Responses to Let Us Prey

The response to Let Us Prey has been somewhat overwhelming. Every week I get at least three lengthy emails from victims of these predatory pastors. The writers have either read the original research paper or the book and are for the first time feeling a sense of no longer being isolated and alone in their experience. I get the same response wherever I go to speak about narcissist pastors - people finally know that they are not alone, that they were not at fault, that they did nothing to deserve what was done to them. 
Some emails are from associate pastors who have been forced out by a narcissist and who now doubt everything about themselves and their call to ministry. Others are from the ex-husbands and wives of narcissist pastors who find for the first time someone who actually understands what they have gone through. One woman exclaimed, "You get it!" Still others are from church board members and congregants trying to figure out what is happening and what to do.

  • A woman I had never met gave me a huge hug and said, "You saved my son's life, sanity, marriage, and ministry." She had her picture taken with me and sent it to her son, who had been under attack from a narcissist senior pastor and was questioning his call to ministry. Glenn and I had been coaching him and his wife since his mom sent him the CD from my 2015 presentation at the American Association of Christian Counselors World Conference in Nashville.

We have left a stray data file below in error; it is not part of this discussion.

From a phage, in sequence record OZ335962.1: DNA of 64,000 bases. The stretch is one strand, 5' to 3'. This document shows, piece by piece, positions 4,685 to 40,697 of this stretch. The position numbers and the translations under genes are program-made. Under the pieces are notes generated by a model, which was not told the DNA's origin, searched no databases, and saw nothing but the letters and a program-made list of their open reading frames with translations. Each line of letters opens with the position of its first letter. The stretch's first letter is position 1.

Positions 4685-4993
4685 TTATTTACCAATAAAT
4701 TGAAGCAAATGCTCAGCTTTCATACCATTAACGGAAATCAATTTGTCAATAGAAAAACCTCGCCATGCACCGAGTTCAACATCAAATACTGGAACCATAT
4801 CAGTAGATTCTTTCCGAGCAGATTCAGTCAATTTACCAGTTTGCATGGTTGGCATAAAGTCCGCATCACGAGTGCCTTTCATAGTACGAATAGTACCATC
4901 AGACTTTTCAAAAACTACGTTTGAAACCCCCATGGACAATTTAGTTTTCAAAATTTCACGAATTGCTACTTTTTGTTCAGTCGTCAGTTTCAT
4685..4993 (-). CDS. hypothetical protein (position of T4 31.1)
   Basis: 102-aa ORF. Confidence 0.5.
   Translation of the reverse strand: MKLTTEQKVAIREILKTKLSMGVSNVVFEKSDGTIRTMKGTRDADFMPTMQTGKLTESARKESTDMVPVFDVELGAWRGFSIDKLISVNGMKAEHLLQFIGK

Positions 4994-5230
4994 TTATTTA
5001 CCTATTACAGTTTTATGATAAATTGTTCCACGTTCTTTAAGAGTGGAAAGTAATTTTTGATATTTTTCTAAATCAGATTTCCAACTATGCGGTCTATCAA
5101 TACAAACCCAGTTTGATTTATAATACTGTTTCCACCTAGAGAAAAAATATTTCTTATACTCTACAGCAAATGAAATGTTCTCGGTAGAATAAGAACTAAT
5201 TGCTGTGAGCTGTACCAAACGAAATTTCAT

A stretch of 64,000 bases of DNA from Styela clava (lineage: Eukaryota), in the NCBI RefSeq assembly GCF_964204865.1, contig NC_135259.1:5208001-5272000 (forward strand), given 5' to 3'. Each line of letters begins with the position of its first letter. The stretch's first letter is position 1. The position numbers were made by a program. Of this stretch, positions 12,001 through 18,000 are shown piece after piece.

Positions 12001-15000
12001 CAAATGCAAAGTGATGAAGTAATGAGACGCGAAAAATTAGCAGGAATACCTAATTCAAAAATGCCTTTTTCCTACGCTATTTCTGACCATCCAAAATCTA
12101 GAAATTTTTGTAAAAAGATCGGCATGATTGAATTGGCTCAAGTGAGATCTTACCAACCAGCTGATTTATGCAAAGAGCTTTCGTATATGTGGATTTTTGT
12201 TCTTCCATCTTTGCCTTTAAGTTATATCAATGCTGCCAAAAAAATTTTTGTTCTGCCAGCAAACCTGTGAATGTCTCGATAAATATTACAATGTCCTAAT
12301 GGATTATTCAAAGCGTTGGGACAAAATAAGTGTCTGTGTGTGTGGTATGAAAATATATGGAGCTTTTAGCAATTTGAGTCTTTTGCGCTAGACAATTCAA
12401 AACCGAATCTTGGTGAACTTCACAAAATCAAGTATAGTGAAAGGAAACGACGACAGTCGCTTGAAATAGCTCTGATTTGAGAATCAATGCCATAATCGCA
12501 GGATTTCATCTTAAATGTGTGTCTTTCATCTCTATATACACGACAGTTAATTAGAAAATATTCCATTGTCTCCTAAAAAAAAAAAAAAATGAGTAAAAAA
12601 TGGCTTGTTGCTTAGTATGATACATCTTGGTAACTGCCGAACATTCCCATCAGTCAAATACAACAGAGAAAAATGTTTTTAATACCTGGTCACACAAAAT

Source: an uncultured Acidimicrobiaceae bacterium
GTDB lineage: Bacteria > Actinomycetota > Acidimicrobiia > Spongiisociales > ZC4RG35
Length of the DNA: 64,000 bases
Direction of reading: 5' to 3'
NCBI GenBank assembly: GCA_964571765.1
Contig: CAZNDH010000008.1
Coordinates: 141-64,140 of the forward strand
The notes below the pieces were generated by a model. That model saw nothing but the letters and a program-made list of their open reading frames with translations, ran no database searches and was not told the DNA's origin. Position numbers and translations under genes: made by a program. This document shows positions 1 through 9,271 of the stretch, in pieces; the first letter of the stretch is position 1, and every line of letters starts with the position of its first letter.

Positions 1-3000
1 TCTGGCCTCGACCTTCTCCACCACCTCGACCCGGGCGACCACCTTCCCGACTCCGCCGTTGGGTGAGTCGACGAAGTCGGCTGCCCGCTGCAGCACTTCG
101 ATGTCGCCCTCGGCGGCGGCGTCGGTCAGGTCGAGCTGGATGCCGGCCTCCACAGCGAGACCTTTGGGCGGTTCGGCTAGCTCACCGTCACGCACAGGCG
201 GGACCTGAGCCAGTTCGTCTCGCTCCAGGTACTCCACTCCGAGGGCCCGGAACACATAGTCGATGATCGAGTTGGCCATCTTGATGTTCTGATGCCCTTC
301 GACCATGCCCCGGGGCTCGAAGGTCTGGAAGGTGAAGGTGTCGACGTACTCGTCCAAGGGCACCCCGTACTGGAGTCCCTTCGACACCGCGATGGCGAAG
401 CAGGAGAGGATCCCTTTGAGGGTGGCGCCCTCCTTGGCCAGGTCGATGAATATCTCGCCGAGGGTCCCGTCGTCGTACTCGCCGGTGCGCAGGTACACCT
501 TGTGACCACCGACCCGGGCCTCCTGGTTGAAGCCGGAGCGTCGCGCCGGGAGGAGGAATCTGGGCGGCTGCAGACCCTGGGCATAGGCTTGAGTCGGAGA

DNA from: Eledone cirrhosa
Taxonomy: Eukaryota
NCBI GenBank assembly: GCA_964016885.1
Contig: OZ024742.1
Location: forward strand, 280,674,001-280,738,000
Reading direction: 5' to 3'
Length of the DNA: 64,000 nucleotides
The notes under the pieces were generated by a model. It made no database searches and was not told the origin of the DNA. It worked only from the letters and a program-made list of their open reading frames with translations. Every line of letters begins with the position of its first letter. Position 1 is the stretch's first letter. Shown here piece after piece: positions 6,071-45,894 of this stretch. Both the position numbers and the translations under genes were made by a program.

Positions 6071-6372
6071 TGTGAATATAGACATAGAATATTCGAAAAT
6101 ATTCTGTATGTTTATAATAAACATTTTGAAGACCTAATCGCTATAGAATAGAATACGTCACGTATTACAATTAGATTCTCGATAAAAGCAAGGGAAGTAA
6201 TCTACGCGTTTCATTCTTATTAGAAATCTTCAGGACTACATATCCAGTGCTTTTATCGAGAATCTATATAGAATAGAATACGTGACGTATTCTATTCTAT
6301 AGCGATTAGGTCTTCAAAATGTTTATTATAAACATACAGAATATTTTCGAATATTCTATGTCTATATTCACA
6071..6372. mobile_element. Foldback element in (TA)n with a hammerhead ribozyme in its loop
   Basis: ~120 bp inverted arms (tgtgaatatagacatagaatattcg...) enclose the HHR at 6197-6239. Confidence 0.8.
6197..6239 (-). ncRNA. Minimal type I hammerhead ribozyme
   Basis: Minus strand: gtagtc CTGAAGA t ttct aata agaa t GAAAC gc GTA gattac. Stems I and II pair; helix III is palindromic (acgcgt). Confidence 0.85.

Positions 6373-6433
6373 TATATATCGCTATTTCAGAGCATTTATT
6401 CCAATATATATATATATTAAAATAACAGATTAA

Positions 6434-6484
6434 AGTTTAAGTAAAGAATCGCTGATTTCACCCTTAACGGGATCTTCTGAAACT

• I have lost count of the women (and a few men) who wrote that they were or had been married to a narcissist pastor. The experience was devastating not only to the adults but also to the children who exist (in the narcissistic mind) only to glorify the narcissist parent.  Understand what had happened and how they were all victimized was helping them regain emotional healing.

I really had little idea of where all of this would go when the book came out, but I find myself being a pastor to people with narcissistic wounds. I'm all in.

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